I do not understand why anyone on Wall Street still pays attention to James Altucher. While many of his stock advice columns are beautifully written, they are not worth the paper that they are written on. Whenever I have bought a stock on his recommendation, it has moved dramatically – down. In the stock advice media wars, it is a race to the bottom between him and Jim Cramer.
This week, he decided to attack Warren’s Buffett for a penning a thought provoking oped about taxes for the New York Times. Buffett wrote in the editorial titled, “Stop Coddling the Super-Rich,” that he only paid 17% of his income in taxes, while his staff averaged 36% tax rate. Altucher is correct that Buffett has said this many times in the last 10 years. The thoughts of the third richest American bear repeating during a period of unprecedented turmoil. Buffett’s words may provide cover to Republicans, who pledged no tax increases, if they decide it is best for the country to raise taxes.
This section of the editorial provides the most compelling arguments that raising taxes may be best for the country.
I have worked with investors for 60 years and I have yet to see anyone — not even when capital gains rates were 39.9 per cent in 1976-77 — shy away from a sensible investment because of the tax rate on the potential gain. People invest to make money, and potential taxes have never scared them off. And to those who argue that higher rates hurt job creation, I would note that a net of nearly 40 million jobs were added between 1980 and 2000. You know what’s happened since then: lower tax rates and far lower job creation.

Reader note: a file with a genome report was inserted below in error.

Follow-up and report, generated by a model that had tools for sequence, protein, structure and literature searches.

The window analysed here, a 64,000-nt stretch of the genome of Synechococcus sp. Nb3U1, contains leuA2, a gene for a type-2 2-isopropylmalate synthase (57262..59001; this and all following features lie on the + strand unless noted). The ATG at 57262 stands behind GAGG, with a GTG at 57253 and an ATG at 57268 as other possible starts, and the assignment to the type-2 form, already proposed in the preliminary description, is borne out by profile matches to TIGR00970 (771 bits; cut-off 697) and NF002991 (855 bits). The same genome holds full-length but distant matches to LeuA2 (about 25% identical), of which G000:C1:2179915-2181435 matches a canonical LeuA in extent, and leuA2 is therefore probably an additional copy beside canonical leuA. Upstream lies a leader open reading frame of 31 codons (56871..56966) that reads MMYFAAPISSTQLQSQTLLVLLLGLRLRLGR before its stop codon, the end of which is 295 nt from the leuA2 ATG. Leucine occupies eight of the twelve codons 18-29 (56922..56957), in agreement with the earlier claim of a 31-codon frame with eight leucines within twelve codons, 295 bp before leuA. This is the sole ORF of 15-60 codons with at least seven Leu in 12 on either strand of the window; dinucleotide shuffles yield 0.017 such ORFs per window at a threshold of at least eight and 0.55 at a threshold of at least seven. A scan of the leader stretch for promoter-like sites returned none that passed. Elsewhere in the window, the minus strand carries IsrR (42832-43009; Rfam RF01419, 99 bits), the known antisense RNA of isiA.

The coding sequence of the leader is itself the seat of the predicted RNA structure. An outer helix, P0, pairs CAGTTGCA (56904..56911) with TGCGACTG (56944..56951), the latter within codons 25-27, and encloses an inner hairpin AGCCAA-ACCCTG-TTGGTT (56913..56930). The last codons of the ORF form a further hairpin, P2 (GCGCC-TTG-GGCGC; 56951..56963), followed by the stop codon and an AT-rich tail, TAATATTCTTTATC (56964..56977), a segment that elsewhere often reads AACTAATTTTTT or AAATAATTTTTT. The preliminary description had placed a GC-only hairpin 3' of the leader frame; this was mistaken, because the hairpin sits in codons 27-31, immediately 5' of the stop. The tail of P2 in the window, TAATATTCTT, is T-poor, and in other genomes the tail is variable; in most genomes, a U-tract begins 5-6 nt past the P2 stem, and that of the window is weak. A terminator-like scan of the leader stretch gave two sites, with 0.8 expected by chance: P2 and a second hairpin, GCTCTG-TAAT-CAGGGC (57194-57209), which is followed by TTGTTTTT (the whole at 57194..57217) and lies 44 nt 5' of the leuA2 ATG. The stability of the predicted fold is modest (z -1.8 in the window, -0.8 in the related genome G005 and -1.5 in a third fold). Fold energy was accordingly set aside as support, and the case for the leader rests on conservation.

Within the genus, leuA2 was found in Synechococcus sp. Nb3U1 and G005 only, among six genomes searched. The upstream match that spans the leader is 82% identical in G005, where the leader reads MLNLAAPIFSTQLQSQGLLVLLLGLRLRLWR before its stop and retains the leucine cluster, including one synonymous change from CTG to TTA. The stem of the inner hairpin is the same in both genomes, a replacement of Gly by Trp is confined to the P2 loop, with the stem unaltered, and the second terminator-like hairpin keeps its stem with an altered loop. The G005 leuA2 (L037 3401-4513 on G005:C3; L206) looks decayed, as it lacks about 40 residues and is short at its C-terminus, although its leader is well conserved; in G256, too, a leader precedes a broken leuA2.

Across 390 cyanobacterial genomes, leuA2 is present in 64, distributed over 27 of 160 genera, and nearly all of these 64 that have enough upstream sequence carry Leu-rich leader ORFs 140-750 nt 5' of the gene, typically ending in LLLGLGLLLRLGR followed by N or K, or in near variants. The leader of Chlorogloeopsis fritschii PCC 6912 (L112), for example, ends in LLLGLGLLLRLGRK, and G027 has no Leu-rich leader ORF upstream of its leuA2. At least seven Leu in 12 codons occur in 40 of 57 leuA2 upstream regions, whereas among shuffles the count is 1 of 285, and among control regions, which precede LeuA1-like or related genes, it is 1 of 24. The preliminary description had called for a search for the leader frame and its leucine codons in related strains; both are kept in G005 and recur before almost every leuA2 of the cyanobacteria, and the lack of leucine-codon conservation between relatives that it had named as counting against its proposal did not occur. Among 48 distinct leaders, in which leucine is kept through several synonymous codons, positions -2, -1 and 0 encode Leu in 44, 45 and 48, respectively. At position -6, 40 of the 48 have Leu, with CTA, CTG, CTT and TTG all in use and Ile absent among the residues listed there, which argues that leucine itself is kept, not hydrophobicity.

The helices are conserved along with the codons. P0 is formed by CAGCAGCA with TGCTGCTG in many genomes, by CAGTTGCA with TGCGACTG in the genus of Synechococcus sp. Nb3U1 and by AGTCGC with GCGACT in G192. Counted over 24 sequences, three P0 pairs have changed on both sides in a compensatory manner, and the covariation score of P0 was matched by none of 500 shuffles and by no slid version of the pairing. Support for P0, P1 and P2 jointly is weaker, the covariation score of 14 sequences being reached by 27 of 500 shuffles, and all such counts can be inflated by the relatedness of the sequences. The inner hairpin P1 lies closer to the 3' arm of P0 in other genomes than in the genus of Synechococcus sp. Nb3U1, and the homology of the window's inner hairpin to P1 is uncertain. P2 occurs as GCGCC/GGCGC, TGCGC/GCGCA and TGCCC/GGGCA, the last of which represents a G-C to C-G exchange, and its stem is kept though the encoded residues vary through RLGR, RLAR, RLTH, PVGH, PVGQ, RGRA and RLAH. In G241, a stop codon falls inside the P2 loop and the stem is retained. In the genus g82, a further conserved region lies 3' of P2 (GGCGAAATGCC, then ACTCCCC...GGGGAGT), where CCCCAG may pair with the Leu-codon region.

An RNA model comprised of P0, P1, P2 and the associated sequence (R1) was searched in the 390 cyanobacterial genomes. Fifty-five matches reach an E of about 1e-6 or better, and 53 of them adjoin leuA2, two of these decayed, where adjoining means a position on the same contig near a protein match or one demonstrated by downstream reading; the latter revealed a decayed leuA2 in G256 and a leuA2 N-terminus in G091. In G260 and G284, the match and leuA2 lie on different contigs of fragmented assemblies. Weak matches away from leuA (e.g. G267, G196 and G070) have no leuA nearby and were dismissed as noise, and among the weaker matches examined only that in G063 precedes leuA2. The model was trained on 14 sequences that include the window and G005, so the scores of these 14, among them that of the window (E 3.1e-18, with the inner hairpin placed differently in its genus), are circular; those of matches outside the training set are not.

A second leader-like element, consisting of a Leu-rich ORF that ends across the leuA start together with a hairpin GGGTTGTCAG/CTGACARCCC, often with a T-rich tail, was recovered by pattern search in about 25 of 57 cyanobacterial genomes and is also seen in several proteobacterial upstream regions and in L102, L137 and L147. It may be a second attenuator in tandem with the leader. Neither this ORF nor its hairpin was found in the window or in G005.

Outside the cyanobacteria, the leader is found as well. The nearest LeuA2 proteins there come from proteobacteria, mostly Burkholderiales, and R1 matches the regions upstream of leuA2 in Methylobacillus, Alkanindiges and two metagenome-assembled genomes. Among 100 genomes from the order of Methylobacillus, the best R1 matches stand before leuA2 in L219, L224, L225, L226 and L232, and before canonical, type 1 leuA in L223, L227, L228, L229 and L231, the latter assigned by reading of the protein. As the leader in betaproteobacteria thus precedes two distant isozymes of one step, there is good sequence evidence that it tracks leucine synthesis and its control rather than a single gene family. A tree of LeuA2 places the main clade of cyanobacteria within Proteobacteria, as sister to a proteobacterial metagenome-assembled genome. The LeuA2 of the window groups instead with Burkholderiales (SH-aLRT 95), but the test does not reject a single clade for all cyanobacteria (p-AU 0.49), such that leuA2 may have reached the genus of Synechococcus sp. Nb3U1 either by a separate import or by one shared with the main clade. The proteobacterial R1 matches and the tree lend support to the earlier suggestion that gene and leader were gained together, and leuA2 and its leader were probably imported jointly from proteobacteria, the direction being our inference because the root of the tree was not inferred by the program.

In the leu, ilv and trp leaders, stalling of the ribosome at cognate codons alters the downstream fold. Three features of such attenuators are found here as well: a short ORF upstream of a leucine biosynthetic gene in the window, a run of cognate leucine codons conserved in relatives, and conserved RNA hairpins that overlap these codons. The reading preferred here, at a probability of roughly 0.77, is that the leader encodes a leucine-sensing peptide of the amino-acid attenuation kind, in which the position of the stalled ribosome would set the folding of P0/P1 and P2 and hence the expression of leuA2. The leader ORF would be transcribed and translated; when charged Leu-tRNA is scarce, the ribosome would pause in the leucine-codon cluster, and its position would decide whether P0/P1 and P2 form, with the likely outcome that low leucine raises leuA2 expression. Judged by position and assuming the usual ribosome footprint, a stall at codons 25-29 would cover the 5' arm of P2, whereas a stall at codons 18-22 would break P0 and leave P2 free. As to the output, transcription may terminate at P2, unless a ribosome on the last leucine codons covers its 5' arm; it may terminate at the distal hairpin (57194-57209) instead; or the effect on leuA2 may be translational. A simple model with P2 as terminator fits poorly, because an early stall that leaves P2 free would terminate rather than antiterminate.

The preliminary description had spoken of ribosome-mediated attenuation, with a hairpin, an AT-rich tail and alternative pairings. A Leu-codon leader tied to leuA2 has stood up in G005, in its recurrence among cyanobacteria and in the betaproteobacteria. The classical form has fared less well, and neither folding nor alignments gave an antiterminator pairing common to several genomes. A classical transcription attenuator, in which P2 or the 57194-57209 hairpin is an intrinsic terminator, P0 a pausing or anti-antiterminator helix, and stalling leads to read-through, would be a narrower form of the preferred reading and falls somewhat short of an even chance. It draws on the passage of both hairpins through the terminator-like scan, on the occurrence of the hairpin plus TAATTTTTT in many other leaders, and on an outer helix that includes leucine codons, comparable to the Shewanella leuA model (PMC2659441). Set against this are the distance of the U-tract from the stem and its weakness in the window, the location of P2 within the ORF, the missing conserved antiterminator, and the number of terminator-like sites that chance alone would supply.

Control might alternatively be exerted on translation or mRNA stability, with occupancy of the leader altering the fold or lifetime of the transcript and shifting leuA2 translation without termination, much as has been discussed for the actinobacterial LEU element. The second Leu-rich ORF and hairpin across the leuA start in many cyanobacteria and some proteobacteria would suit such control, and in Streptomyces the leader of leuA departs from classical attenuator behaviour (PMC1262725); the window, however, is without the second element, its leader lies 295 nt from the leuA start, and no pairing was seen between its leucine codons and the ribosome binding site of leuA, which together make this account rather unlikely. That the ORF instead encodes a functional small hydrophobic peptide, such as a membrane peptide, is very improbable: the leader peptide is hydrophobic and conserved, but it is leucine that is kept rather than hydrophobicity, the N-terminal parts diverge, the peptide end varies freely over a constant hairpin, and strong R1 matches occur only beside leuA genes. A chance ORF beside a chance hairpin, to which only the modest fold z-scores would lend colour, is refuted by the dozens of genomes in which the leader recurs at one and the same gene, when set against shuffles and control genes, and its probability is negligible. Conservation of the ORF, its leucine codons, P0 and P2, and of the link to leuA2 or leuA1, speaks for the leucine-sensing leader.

Buffett’s first point is that no one stops making good investments because of the tax rates. As a stockbroker for over 25 years, I have found that is true. His second point in the paragraph is that the lower tax rates since 2000 have not resulted in more jobs.
If Altucher had attacked Buffett on his economic analysis, I would have stayed quiet.
He decided to attack Warren Buffett’s patriotism. According to Altucher’s convoluted thinking, Buffett did not write this oped piece for the good of the country. The “Oracle of Omaha” urged the raising of taxes so that owners of stock would be less likely to sell, therefore, making it easier for him to sell. Besides being ridiculous, his argument is factually wrong. While it is harder for anyone with a large block to sell when there is bad news causing a stock to drop, Buffett almost never sells on such a day anyways. For example, he waited years to sell his Salomon Brothers after the bid rigging scandal.
While many dismiss attacks such as Altucher’s as noise, I worry that it will inhibit others from participating in the debate. If the country is going to move forward, we need all the help that we can get.
I can only assume that Altucher is jealous that no matter how often he writes, he will never receive the attention that Buffett gets for one oped.
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